Before you begin interviewing an artist for a biography, you spend years emerged in the details of his life: doing online research; reading dozens of newspaper and magazine articles; listening to old albums and CDs; watching videos and DVDs; talking to his friends, family, musicians, managers, producers, and so many people that played a role in his life. So it wasn’t surprising that once I began interviewing
in his home in January 2003, I developed what I called “Johnny Fever,” enjoying our two to four hour interviews and the time we spent hanging out together after my tape recorder was turned off.
Even before I began our interviews, I knew we’d get close and that would make his loss even harder when the time came. But I was determined to tell Johnny’s story with his input during his lifetime, rather than leave it to biographers forced to rely on the often selfserving memories of peripheral players after he was gone.
I had no idea how devastated I would feel when I heard the news of his death. I was still in tears when a Fox TV producer called to see if I’d come to the studio in a matter of hours to share my memories of Johnny on the 4 o’clock news. It was difficult reading the countless heartfelt emails and Facebook messages thanking me for writing Raisin’ Cain, and saying how much they loved Johnny and my book. Emotions ran high during those early days, and it took quite a while for the pain of his loss to lessen. But finally, thankfully, it was replaced by sweet memories.
I still smile when I remember the first night I went to his house, where he stood up like a true Southern gentleman when I walked into his living room. During that first interview, it was difficult to tell which one of us was more nervous. After I started staying after our interviews and talking to him like a friend, Johnny proudly showed me his extensive record collection that included hundreds of vintage blues albums, Alan Lomax’s field recordings, and Firesign Theater comedy albums from the 1970s.
When he said he couldn’t listen to them because he didn’t have a turntable, it really bothered me. So I bought him a turntable but left it in my car until we finished our interview the following week. When I told him I had an Easter gift for him, he figured it was a chocolate bunny (he loved chocolate). But when he looked in the box and saw the turntable, he got so excited that he reminded me of a little kid at Christmas. Trying to put the belt on the spindle was like the blind (literally) leading the blind, so I promised to return with a friend to hook it up the next day.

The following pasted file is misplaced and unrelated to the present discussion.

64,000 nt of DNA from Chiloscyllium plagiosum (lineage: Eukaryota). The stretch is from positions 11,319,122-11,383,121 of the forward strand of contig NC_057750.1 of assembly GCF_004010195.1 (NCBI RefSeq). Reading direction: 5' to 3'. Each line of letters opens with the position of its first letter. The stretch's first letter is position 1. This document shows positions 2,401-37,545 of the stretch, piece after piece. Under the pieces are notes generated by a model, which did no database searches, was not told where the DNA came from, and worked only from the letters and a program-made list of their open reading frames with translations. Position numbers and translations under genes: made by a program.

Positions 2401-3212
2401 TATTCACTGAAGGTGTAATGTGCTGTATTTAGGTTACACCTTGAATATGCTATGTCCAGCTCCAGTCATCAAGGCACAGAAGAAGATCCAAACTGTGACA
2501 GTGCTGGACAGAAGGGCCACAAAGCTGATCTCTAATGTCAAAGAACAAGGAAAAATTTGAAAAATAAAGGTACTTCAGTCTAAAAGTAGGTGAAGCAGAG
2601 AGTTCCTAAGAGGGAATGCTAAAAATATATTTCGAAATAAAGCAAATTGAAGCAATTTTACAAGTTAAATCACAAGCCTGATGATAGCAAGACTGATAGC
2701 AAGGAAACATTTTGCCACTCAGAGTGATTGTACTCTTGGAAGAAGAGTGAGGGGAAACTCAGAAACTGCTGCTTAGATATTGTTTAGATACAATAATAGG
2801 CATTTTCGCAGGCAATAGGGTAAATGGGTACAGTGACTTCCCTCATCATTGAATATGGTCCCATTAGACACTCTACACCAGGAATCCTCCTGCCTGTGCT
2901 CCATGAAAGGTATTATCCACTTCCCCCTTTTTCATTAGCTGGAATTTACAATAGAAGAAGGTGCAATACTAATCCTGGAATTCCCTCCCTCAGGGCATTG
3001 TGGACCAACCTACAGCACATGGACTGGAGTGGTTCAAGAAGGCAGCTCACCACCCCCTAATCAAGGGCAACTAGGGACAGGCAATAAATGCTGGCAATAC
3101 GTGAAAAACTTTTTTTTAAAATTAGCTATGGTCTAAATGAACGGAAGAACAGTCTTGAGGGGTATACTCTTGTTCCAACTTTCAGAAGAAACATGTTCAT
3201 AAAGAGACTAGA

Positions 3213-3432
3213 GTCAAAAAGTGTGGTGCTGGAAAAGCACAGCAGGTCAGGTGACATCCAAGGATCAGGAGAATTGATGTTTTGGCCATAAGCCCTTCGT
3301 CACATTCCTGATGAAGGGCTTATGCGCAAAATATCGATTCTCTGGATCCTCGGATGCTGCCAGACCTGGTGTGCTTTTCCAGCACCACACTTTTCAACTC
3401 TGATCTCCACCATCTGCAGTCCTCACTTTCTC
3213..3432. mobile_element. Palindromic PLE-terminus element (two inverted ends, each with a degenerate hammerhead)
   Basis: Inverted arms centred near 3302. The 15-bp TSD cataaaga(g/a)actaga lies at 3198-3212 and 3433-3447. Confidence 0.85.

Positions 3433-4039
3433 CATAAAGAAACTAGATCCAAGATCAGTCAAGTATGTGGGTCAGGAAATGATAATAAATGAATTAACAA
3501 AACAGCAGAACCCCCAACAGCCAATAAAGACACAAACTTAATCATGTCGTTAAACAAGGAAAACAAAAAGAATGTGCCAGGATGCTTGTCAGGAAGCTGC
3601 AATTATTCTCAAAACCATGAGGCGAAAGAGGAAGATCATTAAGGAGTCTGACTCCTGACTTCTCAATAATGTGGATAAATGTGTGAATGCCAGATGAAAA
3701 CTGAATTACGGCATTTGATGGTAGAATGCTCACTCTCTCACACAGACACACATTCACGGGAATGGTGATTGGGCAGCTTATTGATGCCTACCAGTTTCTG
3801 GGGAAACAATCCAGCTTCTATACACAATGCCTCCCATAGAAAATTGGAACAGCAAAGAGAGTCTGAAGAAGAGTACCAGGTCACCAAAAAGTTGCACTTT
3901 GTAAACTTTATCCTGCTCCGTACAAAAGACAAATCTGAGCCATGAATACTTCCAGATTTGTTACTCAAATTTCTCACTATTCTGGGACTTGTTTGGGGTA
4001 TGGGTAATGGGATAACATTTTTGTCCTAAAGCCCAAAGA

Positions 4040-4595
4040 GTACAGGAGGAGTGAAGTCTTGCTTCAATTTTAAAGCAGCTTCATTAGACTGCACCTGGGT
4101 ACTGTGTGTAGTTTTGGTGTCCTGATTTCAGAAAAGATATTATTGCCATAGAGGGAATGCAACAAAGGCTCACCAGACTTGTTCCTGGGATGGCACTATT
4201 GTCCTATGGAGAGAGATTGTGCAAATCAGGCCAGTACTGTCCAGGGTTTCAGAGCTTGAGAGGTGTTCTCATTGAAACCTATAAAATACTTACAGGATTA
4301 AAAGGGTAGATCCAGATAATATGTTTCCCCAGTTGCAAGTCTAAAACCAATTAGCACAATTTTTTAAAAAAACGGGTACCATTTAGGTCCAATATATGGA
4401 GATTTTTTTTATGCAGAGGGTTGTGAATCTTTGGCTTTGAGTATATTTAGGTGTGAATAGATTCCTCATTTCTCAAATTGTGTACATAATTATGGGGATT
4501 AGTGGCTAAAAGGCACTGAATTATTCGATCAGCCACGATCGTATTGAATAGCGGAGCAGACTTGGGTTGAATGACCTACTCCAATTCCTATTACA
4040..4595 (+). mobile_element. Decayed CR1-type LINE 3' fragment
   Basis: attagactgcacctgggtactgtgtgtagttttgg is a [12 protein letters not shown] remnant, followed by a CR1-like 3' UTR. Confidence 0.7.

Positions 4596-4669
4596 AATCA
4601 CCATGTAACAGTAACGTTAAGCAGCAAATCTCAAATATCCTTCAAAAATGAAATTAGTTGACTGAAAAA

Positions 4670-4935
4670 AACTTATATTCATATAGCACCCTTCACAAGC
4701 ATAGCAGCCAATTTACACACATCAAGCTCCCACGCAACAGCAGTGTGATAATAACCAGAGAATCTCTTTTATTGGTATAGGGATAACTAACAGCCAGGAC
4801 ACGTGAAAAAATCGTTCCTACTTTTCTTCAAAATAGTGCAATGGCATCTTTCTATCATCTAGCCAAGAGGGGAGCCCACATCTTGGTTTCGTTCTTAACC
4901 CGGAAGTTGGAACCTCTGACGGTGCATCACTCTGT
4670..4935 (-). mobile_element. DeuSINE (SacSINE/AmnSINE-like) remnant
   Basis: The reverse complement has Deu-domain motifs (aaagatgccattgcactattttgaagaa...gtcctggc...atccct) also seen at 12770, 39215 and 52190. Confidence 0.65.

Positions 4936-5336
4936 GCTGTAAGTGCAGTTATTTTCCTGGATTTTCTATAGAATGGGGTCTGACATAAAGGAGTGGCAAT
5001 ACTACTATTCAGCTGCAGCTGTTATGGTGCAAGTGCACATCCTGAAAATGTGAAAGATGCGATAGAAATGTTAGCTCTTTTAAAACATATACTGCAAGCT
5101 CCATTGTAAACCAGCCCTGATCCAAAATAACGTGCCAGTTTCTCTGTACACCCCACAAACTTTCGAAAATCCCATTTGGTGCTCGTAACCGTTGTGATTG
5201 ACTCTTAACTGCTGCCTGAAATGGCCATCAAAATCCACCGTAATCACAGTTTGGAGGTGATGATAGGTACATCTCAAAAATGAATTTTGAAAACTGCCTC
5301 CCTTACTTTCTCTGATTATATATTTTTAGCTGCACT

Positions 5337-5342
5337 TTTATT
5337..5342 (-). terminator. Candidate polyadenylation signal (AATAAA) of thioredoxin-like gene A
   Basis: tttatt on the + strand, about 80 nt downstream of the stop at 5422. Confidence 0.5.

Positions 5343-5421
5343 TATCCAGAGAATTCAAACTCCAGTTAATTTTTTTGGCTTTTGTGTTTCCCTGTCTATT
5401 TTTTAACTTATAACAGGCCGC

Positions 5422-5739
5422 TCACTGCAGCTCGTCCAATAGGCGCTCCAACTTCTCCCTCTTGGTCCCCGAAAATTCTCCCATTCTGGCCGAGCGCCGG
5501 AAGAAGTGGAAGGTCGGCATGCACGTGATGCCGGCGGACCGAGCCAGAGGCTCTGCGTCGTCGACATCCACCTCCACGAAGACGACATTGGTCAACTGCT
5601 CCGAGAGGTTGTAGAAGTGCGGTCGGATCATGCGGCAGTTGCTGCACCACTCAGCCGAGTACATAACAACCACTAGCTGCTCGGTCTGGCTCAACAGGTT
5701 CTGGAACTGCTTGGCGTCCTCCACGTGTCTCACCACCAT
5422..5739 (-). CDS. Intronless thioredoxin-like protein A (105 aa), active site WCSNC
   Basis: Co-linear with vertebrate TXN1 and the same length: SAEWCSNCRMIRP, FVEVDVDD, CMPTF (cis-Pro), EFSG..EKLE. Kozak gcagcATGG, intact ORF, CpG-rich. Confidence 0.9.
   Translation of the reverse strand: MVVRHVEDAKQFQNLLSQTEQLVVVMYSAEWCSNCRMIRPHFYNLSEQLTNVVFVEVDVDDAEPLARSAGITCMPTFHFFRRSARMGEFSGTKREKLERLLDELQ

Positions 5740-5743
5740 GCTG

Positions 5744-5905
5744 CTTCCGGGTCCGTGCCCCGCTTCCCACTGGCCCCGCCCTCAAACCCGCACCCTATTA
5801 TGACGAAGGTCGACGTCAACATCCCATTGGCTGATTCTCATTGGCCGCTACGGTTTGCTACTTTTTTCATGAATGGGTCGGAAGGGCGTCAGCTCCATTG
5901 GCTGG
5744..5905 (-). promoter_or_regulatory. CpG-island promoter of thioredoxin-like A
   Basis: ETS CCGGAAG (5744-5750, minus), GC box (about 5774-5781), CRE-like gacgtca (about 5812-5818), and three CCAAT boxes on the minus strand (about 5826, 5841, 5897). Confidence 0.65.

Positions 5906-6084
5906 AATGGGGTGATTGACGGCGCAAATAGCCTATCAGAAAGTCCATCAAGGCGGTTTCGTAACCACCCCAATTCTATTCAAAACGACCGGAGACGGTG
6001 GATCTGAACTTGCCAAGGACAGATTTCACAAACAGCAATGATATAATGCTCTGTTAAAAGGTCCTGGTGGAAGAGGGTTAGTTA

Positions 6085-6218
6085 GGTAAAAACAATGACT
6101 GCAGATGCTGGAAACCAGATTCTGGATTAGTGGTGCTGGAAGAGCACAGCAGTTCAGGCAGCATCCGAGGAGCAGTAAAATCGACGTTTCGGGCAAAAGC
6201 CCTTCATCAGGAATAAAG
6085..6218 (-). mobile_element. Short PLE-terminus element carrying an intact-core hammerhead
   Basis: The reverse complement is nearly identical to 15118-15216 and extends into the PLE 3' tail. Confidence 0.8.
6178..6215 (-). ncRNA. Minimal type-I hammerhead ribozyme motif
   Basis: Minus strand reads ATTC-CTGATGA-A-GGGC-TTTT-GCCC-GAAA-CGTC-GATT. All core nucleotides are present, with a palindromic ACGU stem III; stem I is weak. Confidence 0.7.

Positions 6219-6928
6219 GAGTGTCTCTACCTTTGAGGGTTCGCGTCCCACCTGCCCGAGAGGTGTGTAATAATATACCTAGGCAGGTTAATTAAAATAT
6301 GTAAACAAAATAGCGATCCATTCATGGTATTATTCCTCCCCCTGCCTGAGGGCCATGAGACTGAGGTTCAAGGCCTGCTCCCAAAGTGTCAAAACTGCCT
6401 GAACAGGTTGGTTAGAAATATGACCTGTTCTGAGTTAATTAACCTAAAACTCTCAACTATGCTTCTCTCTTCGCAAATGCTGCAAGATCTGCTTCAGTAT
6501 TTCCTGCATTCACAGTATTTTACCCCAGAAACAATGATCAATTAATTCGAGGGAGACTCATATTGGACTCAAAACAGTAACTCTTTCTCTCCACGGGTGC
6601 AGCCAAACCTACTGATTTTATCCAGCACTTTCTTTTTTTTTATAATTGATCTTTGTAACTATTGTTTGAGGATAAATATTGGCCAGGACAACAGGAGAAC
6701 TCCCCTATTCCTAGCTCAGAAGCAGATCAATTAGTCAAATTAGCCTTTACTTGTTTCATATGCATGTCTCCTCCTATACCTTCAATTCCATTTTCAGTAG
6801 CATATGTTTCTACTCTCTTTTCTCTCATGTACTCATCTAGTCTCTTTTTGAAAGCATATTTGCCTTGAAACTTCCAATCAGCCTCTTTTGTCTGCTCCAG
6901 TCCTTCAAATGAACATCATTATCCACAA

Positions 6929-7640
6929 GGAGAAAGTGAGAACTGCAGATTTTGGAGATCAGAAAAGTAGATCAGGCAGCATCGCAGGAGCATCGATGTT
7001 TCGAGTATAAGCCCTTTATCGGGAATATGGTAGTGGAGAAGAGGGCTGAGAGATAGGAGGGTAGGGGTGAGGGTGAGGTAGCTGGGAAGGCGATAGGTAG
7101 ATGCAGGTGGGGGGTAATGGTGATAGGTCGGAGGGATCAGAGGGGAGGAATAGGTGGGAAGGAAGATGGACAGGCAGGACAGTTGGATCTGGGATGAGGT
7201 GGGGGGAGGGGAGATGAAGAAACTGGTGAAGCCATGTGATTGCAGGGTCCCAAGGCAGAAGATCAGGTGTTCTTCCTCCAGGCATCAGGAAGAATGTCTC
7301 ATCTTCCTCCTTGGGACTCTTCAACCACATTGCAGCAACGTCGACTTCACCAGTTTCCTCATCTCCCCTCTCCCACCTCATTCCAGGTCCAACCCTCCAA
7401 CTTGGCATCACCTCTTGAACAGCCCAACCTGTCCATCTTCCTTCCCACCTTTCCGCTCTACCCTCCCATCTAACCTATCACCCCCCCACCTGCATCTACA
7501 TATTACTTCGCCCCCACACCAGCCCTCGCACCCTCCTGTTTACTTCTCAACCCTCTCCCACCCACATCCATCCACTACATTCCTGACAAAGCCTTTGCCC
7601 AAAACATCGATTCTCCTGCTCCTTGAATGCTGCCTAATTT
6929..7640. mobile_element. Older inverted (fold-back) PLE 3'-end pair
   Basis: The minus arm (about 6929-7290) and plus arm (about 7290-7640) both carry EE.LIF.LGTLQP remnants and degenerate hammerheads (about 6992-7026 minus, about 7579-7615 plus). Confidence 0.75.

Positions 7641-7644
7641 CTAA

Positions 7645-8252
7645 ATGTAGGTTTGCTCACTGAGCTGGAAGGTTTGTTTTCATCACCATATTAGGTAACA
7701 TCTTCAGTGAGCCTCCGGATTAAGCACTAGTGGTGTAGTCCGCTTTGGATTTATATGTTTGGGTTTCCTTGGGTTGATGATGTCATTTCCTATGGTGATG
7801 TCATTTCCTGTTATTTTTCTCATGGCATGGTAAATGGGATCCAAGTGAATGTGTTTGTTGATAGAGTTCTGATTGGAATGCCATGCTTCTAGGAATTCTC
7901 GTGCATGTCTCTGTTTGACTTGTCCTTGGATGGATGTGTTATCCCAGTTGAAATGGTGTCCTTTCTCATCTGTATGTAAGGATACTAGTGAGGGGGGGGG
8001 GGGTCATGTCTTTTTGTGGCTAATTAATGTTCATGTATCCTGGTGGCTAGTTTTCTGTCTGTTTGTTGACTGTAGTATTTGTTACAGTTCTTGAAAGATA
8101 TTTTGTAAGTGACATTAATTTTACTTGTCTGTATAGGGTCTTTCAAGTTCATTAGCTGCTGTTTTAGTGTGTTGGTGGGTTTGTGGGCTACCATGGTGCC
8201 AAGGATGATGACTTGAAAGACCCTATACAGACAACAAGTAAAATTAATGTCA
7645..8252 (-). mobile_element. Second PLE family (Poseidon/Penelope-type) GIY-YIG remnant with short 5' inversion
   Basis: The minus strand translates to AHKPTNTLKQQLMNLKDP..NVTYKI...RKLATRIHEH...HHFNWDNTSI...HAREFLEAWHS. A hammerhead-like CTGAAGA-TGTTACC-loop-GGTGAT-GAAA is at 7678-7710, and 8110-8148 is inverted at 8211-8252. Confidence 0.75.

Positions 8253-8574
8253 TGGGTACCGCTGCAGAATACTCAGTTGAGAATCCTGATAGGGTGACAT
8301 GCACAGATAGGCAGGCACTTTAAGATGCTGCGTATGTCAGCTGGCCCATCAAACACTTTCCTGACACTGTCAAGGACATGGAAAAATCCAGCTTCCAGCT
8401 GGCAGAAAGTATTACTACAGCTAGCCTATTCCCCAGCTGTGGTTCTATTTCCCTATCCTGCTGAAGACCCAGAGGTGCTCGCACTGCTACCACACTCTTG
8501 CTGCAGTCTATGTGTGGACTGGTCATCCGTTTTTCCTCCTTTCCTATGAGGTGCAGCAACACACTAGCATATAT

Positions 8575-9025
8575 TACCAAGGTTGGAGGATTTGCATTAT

When we stopped by on Easter Sunday, he had his custom box of carefully indexed 45s ready. He played “Okie Dokie Stomp” by Clarence “Gatemouth” Brown and my requests: “School Day Blues” and “You Know I Love You” from his first single, and “Birds Can’t Row Boats,” which he called “a song makin’ fun of Bob Dylan.” I still treasure the memory of that delightful afternoon.
I’ll never forget the night he brought me upstairs to the room where he kept his awards, hats, music books, and music memorabilia. His gold record for Johnny Winter And Live; framed Grammy certificates for producing Muddy Waters recordings Hard Again, I’m Ready, and Muddy “Mississippi” Waters Live; and Grammy nominations for Johnny’s Alligator recordings – Guitar Slinger and Serious Business – were proudly displayed on the wall – next to an award for 100,000 plus sales in the UK for John Lee Hooker’s 1991 release Mr. Lucky. He was so proud and unassuming that it reminded me of being 11-years-old and having your best friend show you the treasures in his bedroom.
Guitarist Chris D’Amato, who had toured with Debbie Davis, asked me if Johnny wore clothes when I interviewed him. I thought that was an odd question, but mentioned it to Johnny the next week. He laughed, said he usually didn’t wear clothes around the house, and told me a story about getting in trouble for reciting the “Pledge of Allegiance” naked at summer camp as a kid. When I thanked him for wearing clothes during my visits, he smiled and said “You’re welcome.” It was a sweet and surreal moment.
My fondest memory is the night Johnny answered the door wearing the Homer Simpson slippers I had given him the week before. After our interview, he walked over to his CD player, his shirt open to display his trademark tattoos, wearing dark blue sweatpants and those bright yellow slippers with bulging white eyes. I had asked him to play me his fiery rendition of B.B. King’s “It’s My Own Fault” on the Mike Bloomfield / Al Kooper Fillmore East: The Lost Concert Tapes 12-13-68 CD that had just been released. As I sat beside him on the couch, listening to that historic performance by this amazing guitarist with a wonderful heart, my only thought was, “It doesn’t get any better than this.”
I still find it difficult to believe he’s gone. But I’m grateful for his friendship, his music, and the opportunity to capture his life story in his own words during our much too brief time together. Rest in peace, dear friend, and know that you are loved. [ ]
Mary Lou Sullivan’s authorized biography - Raisin’ Cain - The Wild and Raucous Story of Johnny Winter - earned the 2011 Keeping the Blues Alive Award in Literature from the Blues Foundation in Memphis and the 2011 Award for Excellence in Historical Recorded Sound Research from the Association of Recorded Sound Collections. JohnnywInterbook.Com